The first cordless phones were actually created in 1965, but it could be said that the technology might have been developed earlier if the laws in the US were different. At that time, the phone companies owned many of the phone lines and most of them were owned by AT&T. If a home had a telephone, it wasn’t purchased at the store. It was instead leased to the customer by AT&T, much like DVR boxes are leased by cable companies today. There was no way to couple a cordless phone to the existing network. It was against the law.
Jazz musician Teri Pall invented a phone that we might call more of a walkie-talkie today. This type of technology had been around for more than a couple decades, but Pall’s invention of the cordless phone had two specific drawbacks. It only had an initial range of two miles and the signals would interfere with aircraft. Pall sold her rights to the phone because she didn’t have the resources to further develop it.
The First Patent For a Wireless Phone Came in 1966
A man named George Sweigert submitted the first patent for a wireless phone in 1966. In his vision, cordless phones would be similar to what military personnel had used during World War II. There was a reason why his vision of cordless phones took this route: he had been a radio operator during the war and understood the need for duplex communication.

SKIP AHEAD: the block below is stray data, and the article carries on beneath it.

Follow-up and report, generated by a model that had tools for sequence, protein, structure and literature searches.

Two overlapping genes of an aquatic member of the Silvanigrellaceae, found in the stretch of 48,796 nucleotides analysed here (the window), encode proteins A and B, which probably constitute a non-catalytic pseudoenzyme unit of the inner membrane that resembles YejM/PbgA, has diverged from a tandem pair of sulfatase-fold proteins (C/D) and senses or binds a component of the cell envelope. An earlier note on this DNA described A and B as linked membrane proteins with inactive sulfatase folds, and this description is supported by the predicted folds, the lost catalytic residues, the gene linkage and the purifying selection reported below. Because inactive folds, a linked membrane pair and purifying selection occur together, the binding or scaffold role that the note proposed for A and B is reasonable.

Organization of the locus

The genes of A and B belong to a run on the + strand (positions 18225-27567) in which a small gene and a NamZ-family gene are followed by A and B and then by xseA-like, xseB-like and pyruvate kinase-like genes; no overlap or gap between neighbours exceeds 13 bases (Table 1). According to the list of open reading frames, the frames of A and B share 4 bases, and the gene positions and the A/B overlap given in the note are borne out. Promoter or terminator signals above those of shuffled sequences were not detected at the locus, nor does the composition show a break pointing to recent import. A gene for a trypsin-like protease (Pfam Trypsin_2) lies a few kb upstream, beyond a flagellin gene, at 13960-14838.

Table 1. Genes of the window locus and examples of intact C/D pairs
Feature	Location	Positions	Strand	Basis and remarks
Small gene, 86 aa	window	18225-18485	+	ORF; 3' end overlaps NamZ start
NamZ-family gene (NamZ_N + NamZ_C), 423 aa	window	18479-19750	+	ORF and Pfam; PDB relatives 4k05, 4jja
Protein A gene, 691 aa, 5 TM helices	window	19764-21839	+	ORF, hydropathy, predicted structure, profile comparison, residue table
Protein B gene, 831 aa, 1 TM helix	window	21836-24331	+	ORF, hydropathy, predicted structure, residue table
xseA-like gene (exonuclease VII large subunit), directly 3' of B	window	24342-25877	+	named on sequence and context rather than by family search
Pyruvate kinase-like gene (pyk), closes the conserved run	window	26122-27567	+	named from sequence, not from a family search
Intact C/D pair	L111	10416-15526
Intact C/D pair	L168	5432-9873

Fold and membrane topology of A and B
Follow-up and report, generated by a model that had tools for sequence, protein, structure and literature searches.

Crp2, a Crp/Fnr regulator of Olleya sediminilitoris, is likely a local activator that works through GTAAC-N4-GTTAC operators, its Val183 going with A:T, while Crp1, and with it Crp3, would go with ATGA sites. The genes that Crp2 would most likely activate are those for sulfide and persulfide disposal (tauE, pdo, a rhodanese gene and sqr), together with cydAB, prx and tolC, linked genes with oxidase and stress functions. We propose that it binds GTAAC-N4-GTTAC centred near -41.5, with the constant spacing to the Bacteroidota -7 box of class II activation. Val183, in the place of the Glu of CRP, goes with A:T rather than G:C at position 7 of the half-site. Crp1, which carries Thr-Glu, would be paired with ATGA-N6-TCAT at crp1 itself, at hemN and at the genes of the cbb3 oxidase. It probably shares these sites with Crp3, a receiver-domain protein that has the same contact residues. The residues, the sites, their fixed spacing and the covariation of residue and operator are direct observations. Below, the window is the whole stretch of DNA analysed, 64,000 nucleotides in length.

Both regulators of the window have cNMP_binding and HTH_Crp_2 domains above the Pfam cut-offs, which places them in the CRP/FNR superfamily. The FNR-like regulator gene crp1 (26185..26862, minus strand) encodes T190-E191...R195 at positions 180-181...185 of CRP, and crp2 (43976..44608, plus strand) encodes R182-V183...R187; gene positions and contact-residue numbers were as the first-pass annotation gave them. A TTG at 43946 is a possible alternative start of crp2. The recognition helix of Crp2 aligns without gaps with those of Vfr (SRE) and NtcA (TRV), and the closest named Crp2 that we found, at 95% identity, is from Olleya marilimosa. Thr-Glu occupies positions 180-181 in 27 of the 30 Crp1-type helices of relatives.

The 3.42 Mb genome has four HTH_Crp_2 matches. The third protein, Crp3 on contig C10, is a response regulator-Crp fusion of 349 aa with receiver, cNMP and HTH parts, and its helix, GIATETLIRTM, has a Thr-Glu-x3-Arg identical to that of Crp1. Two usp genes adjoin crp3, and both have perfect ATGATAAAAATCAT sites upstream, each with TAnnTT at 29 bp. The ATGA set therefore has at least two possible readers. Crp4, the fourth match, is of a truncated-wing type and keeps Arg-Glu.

It was actually Sweigert’s work that helped to free up the monopoly that existed on the telephone lines. He was one of the largest proponents of allowing consumer equipment to connect to the lines and he wanted the ability to connect a two-way radio with a telephone through those lines for faster, cheaper communication. His work culminated in the Carterfone decision of 1968 that reversed the exclusive rights.
The First Modern Cordless Phones Were Patented in 1977
Doug Talley and Duane Gregory were granted a patent in 1977 for what we’d consider to be the modern cordless phone. With a signal that originates from a base station, the feed is directly connected to the telephone in their invention thanks to a transmitter, receiver, and a series of control circuits. This allows for ring signals to occur whether the phone is on the base station or not and a clear vocal signal when speaking through the phone.
The cordless technology essentially works like you’re typical two-way radio. For US consumers, their cordless phones are allowed to operate on 1 of 7 different frequency bands. What is unique about the early cordless phones is that their bands were just about the AM radio bands and now, thanks to expanded AM radio, these phones can be used as a local radio station that can be heard up to ½ mile away.
Thanks to the invention of the cordless phone, it has become even easier to communicate while still using landlines. That makes for a viable solution that many homes still use today.